1. Recruiting scenarios where people assumed that previous domain experience was more important than the overall research experience, and capability, of the researcher.
  2. Working with a researcher who had domain experience on a particular topic who kept shutting down team conversations based on experience they’d had in previous projects, which the rest of the team had not been involved in.

These are both anti patterns of domain experience in user researcher and should be avoided.

Recruiting user researchers

When you’re recruiting for a user researcher, there are three things that teams should be looking for:

  1. Firstly, ensure that the user researcher has experience in the methods of user research you expect you’ll be using on the project. For example, don’t hire someone who has a decade of experience doing usability testing when you need someone who is strong in contextual research to work on the discovery phase of your project.
  2. Secondly, be confident that the user researcher cares about the quality of the service that their team ultimately delivers, will be able to hold their own in the team and will be effective in communicating research findings in a way that compels the team to act on them. This is the hardest criteria to meet. Too many user researchers have had a great time doing research and making reports, then leaving the teams to do with it what they will. You want a user researcher who wants to have ‘skin in the game’, and wants to see their research valued and used in making service design decisions and in setting priorities for the team.
  3. Finally, if the researcher has previous experience in the subject domain of the project, this can be an advantage. But only once the first two criteria have been met. These first two criteria are much more important for user researchers than subject matter domain expertise, and they’re also pretty hard to find.

When you hire a user researcher, the domain they should be most expert in is user research.

In teams, diversity is a strength

For most projects, having some subject matter expertise is essential. In most cases, that would be at best inefficient and at worst dangerous to do otherwise.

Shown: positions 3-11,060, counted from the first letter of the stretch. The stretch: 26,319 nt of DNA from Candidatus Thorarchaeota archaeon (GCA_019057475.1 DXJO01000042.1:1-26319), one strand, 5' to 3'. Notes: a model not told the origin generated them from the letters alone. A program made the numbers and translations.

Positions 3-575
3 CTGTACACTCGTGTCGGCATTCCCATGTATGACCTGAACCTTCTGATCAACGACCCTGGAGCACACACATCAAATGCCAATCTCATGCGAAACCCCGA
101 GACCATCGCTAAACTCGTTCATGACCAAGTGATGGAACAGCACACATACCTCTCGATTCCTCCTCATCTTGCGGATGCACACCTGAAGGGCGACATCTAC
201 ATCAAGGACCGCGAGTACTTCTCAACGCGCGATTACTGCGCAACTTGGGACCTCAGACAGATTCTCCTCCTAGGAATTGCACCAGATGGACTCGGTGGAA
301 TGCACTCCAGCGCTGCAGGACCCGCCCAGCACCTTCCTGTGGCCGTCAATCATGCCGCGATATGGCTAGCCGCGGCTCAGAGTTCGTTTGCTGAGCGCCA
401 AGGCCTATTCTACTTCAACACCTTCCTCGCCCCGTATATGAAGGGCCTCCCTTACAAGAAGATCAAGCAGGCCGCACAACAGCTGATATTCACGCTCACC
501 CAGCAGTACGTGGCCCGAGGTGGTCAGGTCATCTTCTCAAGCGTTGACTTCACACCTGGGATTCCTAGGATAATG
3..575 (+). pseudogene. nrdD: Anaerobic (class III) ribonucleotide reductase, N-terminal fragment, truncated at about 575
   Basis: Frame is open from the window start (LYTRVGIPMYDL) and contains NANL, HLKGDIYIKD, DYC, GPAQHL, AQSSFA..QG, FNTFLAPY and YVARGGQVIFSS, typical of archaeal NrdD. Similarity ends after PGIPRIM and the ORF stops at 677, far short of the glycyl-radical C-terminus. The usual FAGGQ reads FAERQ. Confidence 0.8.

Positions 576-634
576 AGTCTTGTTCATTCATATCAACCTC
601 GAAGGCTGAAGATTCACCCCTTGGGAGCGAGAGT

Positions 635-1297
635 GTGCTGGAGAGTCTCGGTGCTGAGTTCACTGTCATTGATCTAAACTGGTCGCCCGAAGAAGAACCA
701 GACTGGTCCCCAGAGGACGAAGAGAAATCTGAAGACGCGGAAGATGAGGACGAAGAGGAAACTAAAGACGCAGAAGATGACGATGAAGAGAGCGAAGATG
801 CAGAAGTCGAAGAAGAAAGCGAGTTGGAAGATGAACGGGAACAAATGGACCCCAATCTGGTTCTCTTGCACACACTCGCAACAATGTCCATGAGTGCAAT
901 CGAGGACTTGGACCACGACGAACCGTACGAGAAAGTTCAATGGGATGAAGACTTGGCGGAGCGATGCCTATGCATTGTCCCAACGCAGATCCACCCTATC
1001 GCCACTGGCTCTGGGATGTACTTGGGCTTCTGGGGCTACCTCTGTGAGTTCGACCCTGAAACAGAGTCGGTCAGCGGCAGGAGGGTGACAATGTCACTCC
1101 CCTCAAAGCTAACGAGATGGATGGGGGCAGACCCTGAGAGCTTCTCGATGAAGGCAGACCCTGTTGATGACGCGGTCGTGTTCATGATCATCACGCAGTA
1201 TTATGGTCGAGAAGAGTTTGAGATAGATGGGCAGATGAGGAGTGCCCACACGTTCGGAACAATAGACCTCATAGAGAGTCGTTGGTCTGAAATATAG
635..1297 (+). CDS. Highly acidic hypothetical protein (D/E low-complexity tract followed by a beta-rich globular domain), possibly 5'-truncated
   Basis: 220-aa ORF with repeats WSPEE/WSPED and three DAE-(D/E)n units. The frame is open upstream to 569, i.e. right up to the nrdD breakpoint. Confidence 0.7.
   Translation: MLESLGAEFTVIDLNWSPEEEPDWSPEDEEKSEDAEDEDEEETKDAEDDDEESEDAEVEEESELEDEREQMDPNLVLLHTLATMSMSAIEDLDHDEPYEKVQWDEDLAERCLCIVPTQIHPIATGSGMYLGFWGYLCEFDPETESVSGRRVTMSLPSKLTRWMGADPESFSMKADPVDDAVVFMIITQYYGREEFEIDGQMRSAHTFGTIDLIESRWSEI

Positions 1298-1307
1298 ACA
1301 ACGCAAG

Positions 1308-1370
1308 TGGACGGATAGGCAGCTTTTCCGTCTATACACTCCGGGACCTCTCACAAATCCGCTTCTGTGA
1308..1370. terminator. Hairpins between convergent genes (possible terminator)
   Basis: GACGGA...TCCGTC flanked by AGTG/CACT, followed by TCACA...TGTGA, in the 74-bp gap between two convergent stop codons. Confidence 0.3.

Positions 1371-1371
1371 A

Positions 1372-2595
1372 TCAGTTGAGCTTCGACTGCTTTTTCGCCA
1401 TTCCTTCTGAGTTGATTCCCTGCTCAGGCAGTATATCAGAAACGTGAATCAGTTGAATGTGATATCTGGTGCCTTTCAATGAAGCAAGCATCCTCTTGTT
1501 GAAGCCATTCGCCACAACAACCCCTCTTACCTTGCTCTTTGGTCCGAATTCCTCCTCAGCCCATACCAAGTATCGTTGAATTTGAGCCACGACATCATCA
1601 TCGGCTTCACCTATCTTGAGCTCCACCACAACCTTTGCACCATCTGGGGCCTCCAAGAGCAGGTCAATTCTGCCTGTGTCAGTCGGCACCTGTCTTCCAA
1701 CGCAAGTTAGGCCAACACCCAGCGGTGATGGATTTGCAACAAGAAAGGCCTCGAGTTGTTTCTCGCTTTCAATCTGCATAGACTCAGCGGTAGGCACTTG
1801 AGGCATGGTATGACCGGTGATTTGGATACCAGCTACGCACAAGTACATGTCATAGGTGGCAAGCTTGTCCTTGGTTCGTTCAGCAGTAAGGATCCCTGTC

What is equally problematic, though, is a team full of people who have extensive experience working on the problem space they are just about to tackle.

Teams like this have so many shared mental models and assumptions about how things work, what things mean, where the constraints are, and how people think and work, and, despite their experience, not all of these things are right.

The CivicPatterns website calls this the Clean Room pattern and says:

If your project operates within any bureaucratic system, ensure that the person responsible for its design knows as little as possible about how the existing system works.

Most people hate dealing with bureaucracies. You have to jump through lots of seemingly pointless hoops, just for the sake of the system. But the more you’re exposed to it, the more sense it starts to make, and the harder it is to see things through a beginner’s eyes. Therefore, when building a system that helps someone bypass bureaucracy, start by designing how the system should be, with as little pre-knowledge as possible, and then, when you need to add any complexity, work as hard as you can to hide that from the user.

Lack of diversity in experience-levels (and lack of diversity in general) in the team will reduce their ability to consider a full range of service design options that can streamline the experience for users. This will limit the potential for transformation.

There are some roles where experience the domain of the project is essential and teams would be foolish not to include them. Designers and user researchers are not those roles.

Design your teams so they have diversity, in gender, in age, in backgrounds and in subject matter expertise and you’ll design better experiences for your users.